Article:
While there are 18 consecutive IDs, the cell labels range from 1–24. Where are the 6 missing cells? I can’t be sure, but they were probably failures. **Update**: the authors of the Shalek *et al.* paper explained to me after seeing the post that two of the missing labels were negative controls, and 3 were population replicates (the names of these were altered in GEO). which was indeed a failure (S12); it gave no signal on the BioAnalyzer and was therefore not sequenced. I was told that the authors are working on fixing the GEO sample names to clarify the reason for missing labels of samples. As such, it turns out the experiment was extremely successful with a success rate of 18/19.

Returning to Wu *et **al.,* they* *should be commended for releasing all their data (to their credit they also release the R code they used for analysis). The problem with the paper is that instead of reporting the failures and discarding them before analysis, they instead use all of the data when performing comparisons between single-cell and bulk RNA-Seq. This is is evident in some of the strange techniques they end up using. For example, the method for generating the crucial Figure 4a is described as:

“(a) Correlation between the merged

single cells (“ensemble”) and the bulk RNA-seq measurement of gene

expression. The ensemble was created by computationally pooling all

the raw reads obtained from the 96 single-cell transcriptomes

generated using the C1 system and then sampling 30 million reads

randomly. The bulk and ensemble libraries were depth matched before

alignment was performed. For each gene, the log2-transformed median

FPKM values from the ensemble and bulk were plotted against each

other. “

I’m guessing that the odd idea of sampling and then taking the median is precisely to throw out outliers coming from the control tubes. Yes, the data were tortured, and yes, the FPKMs confessed. The paper has some other issues that suggest it was not carefully reviewed *by the authors *(let alone the reviewers). In the Methods I found the statement “FPKM values used for analyses were generated by TopHat”. I, of all people, can attest to the fact that it is Cufflinks, not TopHat, that estimates (not generates!) FPKM values. Thankfully, in the GEO entries Cufflinks is correctly cited together with the version used.

In summary, in the last two high profile publications on single-cell RNA-Seq, there were failures in the experiment and they were not reported clearly by the authors. Neither committed an egregious offense, but I wish they had fully reported the number of experiments attempted and the number that succeeded. That seems to me to be important data in papers describing new technology. I believe that fear of rejection from the journal, or fear of embarrassment of the state of single-cell RNA-Seq is what drove Wu *et al.* to spin the results positively. All part of the fear of failure, that seems to hold back a lot of science. But single-cell RNA-Seq has a bright future and these papers would both be better if they were more open about failure. The only thing we have to fear is fear itself.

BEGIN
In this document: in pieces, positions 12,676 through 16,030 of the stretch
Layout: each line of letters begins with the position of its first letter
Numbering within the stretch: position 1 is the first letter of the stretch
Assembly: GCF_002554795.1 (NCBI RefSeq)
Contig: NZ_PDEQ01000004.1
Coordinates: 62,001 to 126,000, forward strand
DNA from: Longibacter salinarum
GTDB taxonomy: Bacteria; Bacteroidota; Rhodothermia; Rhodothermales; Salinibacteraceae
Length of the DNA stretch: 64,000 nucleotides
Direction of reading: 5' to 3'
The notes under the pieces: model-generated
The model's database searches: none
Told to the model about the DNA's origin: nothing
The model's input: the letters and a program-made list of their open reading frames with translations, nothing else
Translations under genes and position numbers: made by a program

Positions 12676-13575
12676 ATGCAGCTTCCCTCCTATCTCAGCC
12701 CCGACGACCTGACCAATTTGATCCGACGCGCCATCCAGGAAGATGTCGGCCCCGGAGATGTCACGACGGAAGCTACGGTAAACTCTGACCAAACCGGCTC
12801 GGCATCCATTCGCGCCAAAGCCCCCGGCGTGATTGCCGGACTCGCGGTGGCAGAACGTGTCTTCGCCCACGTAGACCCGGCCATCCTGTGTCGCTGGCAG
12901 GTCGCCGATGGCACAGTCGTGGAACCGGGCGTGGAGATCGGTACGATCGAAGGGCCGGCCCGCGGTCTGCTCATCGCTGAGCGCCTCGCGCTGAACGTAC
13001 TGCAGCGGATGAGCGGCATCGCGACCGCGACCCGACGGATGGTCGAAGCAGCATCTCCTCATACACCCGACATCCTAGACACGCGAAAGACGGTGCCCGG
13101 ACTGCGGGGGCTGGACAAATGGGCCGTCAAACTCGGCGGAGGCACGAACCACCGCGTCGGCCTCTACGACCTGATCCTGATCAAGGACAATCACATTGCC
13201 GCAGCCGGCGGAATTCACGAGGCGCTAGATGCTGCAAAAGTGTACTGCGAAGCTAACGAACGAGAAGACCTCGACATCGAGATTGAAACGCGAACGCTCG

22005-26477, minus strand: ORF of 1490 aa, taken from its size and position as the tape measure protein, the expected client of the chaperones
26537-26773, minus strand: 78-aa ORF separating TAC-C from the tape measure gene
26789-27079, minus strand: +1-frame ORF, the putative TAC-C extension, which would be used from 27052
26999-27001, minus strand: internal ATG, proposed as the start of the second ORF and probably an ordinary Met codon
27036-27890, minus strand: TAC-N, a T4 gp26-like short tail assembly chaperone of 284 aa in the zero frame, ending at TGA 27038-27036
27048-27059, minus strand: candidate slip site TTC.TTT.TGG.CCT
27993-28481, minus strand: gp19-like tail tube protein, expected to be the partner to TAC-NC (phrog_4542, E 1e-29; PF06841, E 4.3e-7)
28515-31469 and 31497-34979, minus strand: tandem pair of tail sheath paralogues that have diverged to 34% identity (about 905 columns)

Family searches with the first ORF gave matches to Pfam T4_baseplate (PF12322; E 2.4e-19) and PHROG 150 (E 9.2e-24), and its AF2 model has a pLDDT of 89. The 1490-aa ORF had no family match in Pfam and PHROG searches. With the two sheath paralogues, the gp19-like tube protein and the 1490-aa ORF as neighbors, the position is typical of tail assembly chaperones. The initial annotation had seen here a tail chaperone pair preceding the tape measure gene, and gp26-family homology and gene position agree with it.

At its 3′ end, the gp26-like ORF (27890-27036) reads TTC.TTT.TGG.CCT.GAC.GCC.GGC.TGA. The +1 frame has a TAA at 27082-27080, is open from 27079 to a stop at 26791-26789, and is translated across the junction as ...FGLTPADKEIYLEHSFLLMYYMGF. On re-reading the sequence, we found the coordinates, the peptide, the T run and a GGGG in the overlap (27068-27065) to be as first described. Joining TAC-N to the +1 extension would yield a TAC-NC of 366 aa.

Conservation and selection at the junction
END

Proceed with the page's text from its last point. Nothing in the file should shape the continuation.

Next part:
Last Saturday I returned from Cold Spring Harbor Laboratories where I spoke at the Genome Informatics Meeting on Stories from the Supplement. On Monday I delivered the “Prestige Lecture” at a meeting of the Center for Science of Information on New Directions in the Science of Information and I started by talking about Cold Spring Harbor Laboratory (CSHL). That is because the **Eugenics Record Office at** **CSHL is where Claude Shannon, famous father of information theory, wrapped up his Ph.D. in population genetics in 1939**.

The fact that Shannon did his Ph.D. in population genetics– his Ph.D. was titled “An Algebra for Theoretical Genetics“– is unknown to most information theorists and population geneticists. It is his masters thesis that is famous (for good reason– it can be said to have started the digital revolution), and his paper in 1948 that founded information theory. But his Ph.D. thesis was impressive in its own right: its contents formed the beginning of my talk to the information theorists, and I summarize the interesting story below.

I learned about the details surrounding Shannon’s foray into biology from a wonderful final project paper written for the class The Structure of Engineering Revolutions in the Fall of 2001: Eugene Chiu, Jocelyn Lin, Brok Mcferron, Noshirwan Petigara, Satwiksai Seshasai, Mathematical Theory of Claude Shannon. In 1939, Shannon’s advisor, Vannevar Bush, sent him to study genetics with Barbara Burks at the Eugenics Record Office at Cold Spring Harbor. That’s right, the Eugenics office was located at Cold Spring Harbor from 1910 until 1939, when it was closed down as a result of Nazi eugenics. Fortunately, Shannon was not very interested in the practical aspects of eugenics, and more focused on the theoretical aspects of genetics.